Hovering on Cloud nine

Cutting videos on ancient computers, storing xxx-gigabyte of data on your mobile phone, access software and data from wherever you are – Cloud Computing – hype or the future?

Bye, bye, hardware – My software runs in every browser

The basic idea of Cloud Computing is to run all applications in the web – starting with simple software, progressing to complex operating systems (eg. Chrome OS).

According to the NIST (National Institute of Standards and Technology) five common features

of Cloud Computing are:

  • On-demand self-service: users can set themselves up without the help of anyone else.
  • Ubiquitous network access: available through standard Internet-enabled devices.
  • Location independent resource pooling: processing and storage demands are balanced across a common infrastructure with no particular resource assigned to any individual user.
  • Rapid elasticity: consumers can increase or decrease capacity at will.
  • Pay per use: consumers are charged fees based on their usage of a combination of computing power, bandwidth use and/or storage.

The User doesn’t need to worry about system/software updates, expensive graphic cards or multi-core CPU’s. That’s all still up the air but incipient stages are already been done.

Google leads the way

Office tools, E-Mail accounts, RSS-Reader, a Calendar and many more applications can run platform independent in the webbrowser. Ready to start whenever you want.

A clever business model – for both sides

Huge server farms of companies like Google, Microsoft, Amazon or IBM make Cloud Computing possible.

The customers don’t need to pay for program licenses or severs, but pay for the service they actually consume. The users are able combine different services of various providers like a building kit. Companies only pay for the services they use and combine them according to their personal needs. A Cloud accrues.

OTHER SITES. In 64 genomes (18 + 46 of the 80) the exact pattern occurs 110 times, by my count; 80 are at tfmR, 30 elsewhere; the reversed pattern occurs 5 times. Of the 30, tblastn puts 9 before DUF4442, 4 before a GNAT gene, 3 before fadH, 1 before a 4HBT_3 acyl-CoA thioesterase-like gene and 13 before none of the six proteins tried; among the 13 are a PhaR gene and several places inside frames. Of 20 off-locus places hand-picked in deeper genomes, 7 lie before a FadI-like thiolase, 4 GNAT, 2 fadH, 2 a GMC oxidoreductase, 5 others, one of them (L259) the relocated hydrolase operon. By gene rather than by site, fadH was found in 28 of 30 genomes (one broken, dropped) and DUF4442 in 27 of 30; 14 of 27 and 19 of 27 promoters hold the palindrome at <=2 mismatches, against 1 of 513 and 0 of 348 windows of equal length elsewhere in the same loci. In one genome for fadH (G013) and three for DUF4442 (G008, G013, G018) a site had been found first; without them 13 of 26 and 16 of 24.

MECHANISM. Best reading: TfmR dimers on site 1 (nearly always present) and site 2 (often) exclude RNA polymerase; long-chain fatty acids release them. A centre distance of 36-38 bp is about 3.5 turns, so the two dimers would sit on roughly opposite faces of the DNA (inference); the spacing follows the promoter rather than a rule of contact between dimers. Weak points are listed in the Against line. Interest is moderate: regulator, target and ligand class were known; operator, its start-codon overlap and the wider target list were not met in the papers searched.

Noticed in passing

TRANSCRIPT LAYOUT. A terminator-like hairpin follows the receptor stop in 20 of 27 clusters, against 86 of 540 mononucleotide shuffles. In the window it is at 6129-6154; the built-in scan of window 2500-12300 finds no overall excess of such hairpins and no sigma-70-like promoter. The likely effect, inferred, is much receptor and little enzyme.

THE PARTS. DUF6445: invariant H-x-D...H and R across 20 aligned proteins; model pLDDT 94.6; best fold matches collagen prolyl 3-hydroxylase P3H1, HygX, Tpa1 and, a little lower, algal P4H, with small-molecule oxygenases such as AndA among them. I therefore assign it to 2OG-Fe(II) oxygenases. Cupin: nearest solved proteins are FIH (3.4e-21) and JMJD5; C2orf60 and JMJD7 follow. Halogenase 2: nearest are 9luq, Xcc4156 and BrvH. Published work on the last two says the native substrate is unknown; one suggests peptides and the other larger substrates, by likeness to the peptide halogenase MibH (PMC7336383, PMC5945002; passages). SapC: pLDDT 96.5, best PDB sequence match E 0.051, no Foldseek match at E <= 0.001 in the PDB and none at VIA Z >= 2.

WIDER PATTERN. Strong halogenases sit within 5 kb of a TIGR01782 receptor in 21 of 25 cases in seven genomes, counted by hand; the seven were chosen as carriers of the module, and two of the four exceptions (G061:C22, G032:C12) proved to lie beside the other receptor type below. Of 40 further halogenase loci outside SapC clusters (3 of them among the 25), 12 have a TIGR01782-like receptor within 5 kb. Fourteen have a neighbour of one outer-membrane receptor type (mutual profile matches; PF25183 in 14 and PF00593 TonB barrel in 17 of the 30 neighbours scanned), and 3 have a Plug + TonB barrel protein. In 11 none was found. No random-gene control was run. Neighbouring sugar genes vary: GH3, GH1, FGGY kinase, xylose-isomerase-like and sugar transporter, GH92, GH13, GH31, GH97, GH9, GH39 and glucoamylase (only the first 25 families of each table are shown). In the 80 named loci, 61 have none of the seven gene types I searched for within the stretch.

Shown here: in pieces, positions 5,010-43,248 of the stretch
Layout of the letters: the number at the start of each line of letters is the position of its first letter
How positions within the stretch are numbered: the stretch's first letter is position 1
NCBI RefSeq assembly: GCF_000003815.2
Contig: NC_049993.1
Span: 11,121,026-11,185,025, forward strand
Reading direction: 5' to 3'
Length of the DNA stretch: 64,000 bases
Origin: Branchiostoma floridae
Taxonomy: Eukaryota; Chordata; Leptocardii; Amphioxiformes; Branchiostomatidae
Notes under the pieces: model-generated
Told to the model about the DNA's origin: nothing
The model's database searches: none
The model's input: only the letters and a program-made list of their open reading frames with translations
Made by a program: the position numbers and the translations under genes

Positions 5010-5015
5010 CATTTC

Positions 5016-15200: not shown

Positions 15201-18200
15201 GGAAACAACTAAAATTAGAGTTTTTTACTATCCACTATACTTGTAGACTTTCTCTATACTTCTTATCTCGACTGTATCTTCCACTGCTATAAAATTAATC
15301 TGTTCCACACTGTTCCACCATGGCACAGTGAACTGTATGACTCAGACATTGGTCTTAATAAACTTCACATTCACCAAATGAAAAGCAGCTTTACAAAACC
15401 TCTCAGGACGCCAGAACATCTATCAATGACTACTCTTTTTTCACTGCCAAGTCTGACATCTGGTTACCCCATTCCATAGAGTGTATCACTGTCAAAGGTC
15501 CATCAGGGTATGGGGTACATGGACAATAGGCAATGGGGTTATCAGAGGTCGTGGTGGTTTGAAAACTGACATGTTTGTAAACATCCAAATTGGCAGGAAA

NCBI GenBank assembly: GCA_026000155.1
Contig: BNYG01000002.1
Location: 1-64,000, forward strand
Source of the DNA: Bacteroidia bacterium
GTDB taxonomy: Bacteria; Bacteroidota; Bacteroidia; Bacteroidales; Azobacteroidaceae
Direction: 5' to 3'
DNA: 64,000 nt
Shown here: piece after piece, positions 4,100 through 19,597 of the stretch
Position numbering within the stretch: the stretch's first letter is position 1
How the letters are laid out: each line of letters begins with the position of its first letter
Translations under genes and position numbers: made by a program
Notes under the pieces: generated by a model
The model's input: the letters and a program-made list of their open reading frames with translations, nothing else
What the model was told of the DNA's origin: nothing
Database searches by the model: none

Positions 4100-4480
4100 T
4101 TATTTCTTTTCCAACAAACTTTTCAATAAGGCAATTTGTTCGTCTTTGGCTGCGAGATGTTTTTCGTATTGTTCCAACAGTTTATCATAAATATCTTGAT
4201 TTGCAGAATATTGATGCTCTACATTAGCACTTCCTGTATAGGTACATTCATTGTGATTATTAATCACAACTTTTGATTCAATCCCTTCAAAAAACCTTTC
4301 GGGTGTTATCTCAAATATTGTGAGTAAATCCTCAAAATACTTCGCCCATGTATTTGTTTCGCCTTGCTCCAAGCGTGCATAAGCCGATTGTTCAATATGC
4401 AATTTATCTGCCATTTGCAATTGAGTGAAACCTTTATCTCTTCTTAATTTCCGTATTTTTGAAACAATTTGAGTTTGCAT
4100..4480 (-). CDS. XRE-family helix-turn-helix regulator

All that glitters is not gold

On the one hand, the strategy of outsourcing to the cloud allows companies to focus their core competencies and develop new business opportunities. On the other hand, the dependence on external IT systems rises. A malfunction caused by technical failures, malware or hacker attacks could paralyze communication but also cripple whole business or production processes.

What could happen?

Deletation of data

Data must be erased in many cases (eg. by law). There is always a risk of inadequate or incomplete deletion on all platforms and databases of the cloud, hence locating the data is difficult.

Inadequate separation of clients

There is always a risk that an unauthorized third party can view or manipulate data.

Breach of data protection laws

It is not clear in what countries, data centers, on which servers and with which software, the data will be saved and processed.

Insolvency of the provider

The insolvency of a provider usually doesn’t implicate an insolvency of all data center used by the service provider.  Data centers will get sold to other providers with high probability.

Recently at Sony, …

Sony’s PlayStation Network was hacked in one of the largest internet security break-ins ever.

Nick Caplin, head of communications hat Sony Computer Entertainment Europe issued this statement in a post on the company’s blog:

“There’s a difference in timing between when we identified there was an intrusion and when we learned of consumers’ data being compromised. We learned there was an intrusion 19th April and subsequently shut the services down. We then brought in outside experts to help us learn how the intrusion occurred and to conduct an investigation to determine the nature and scope of the incident.

It was necessary to conduct several days of forensic analysis, and it took our experts until yesterday to understand the scope of the breach. We then shared that information with our consumers and announced it publicly yesterday evening.”

The attackers were able to gain access to approximately 93,000 customer accounts.

Even elephant companies like Sony aren’t completely secured to hack attacks.

But, …

is it safer to put data on hard drives?

Tony Seno Hatoro, National Technology Officer of Microsoft Indonesia, explains:

“Worse knowledge of people about security on the Internet haunts the adoption of Cloud Computing. In addition, people feel more secure storing data on your own computer rather than in the cloud. In reality, the data in the cloud can be much more secure than data stored on the computer itself, “

Despite such risks, small or medium companies would probably increase their security level through the use of Cloud services. Large companies should consider the security features of a cloud service provider individually and decide whether the proposed security mechanisms are sufficient for the specific needs of the company. Because of the low standardized techniques of Cloud Computing Systems security is not guaranteed.




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